Folic acid: The Sensible Guide to a Healthy Pregnancy
Your baby's brain, skull and spine form during the first few weeks of pregnancy, before you even know you are expecting! In order for them to form properly, you must have enough folic acid.
What is folic acid?
Folic acid is one of the B vitamins important for the healthy growth of your unborn baby. It is essential to the normal development of your baby's spine, brain and skull, especially during the first four weeks of your pregnancy. It is, therefore, important to start taking vitamin supplements with folic acid before you get pregnant to reduce the risk of neural tube defects.
What are neural tube defects?
Neural tube defects (NTDs) are birth defects that occur when the neural tube fails to close properly during the early weeks of pregnancy, resulting in abnormalities of the spine, brain or skull that can result in stillbirth or lifelong disability. Closure of the neural tube happens early in pregnancy, often before a woman knows she is pregnant. Spina bifida is the most common NTD.
Take a folic acid supplement daily
All women who could become pregnant should take a multivitamin containing 0.4 mg of folic acid every day. To help reduce the risk of NTDs, you should start taking the vitamin supplement at least three months before you get pregnant and continue throughout your pregnancy. Talk to your health professional to find the best supplement for you.
Some women are more at risk of having a baby with an NTD
If you have had a previous NTD-affected pregnancy, or have a personal history of this problem, see your doctor. You may be advised to take a higher dosage of folic acid. If you have a family history of NTD or if you have diabetes, epilepsy or certain chronic conditions, and you should see your doctor before planning a pregnancy.
Eat a balanced diet
Taking a daily vitamin supplement does not reduce or replace the need for a healthy, well-balanced diet according to Canada's Food Guide. Good or excellent sources of folic acid (called folate when it is naturally occurring in foods) include dark green vegetables (broccoli, spinach, peas and brussel sprouts), corn, dried peas, beans, lentils, oranges and orange juice. Grain products fortified with folic acid such as bread and pasta also provide significant amounts of the vitamin.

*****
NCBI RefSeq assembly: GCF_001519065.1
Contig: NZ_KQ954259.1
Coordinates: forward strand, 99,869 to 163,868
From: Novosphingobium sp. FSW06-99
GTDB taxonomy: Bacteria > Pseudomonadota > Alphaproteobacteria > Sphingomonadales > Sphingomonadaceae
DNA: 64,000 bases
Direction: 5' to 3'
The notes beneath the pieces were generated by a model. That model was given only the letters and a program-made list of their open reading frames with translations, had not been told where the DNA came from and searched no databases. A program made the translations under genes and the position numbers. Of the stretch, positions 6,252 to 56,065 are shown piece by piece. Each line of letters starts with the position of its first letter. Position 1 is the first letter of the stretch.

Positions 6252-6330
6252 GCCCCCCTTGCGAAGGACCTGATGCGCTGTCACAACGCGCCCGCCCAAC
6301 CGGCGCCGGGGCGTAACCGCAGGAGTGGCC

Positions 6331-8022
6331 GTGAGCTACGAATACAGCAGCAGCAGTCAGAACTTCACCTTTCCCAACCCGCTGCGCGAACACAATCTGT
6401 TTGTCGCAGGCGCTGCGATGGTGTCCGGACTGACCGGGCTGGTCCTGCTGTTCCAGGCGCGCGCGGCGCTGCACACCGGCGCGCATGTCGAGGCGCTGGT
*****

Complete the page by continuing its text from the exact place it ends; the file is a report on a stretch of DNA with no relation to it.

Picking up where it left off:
You should start taking a daily multivitamin with 0.4 mg of folic acid before planning a pregnancy. Talk to your doctor or pharmacist about which multivitamin would be best for you.
Make an effort to eat more foods that are good ources of folic acid (or folate).
If you are more at risk of having a baby with an NTD, see your doctor before you plan a pregnancy to discuss your options.
Common Questions About Folic Acid
Can NTDs be detected before birth?
Some NTDs can be detected before birth by prenatal screening tests. If you are pregnant and wish to know more about the prenatal diagnosis of NTDs, talk to your health care professional about the prenatal blood test or ultrasound test that can give you more information about whether your unborn baby has an NTD.
Is it possible to get too much folic acid?
Do not take more than one daily dose of vitamin supplement as indicated on the product label. Increasing your daily dose of folic acid without the advice of a doctor is not recommended. In large doses some substances in multivitamins could actually do more harm than good. This is especially true of vitamin A in some forms.
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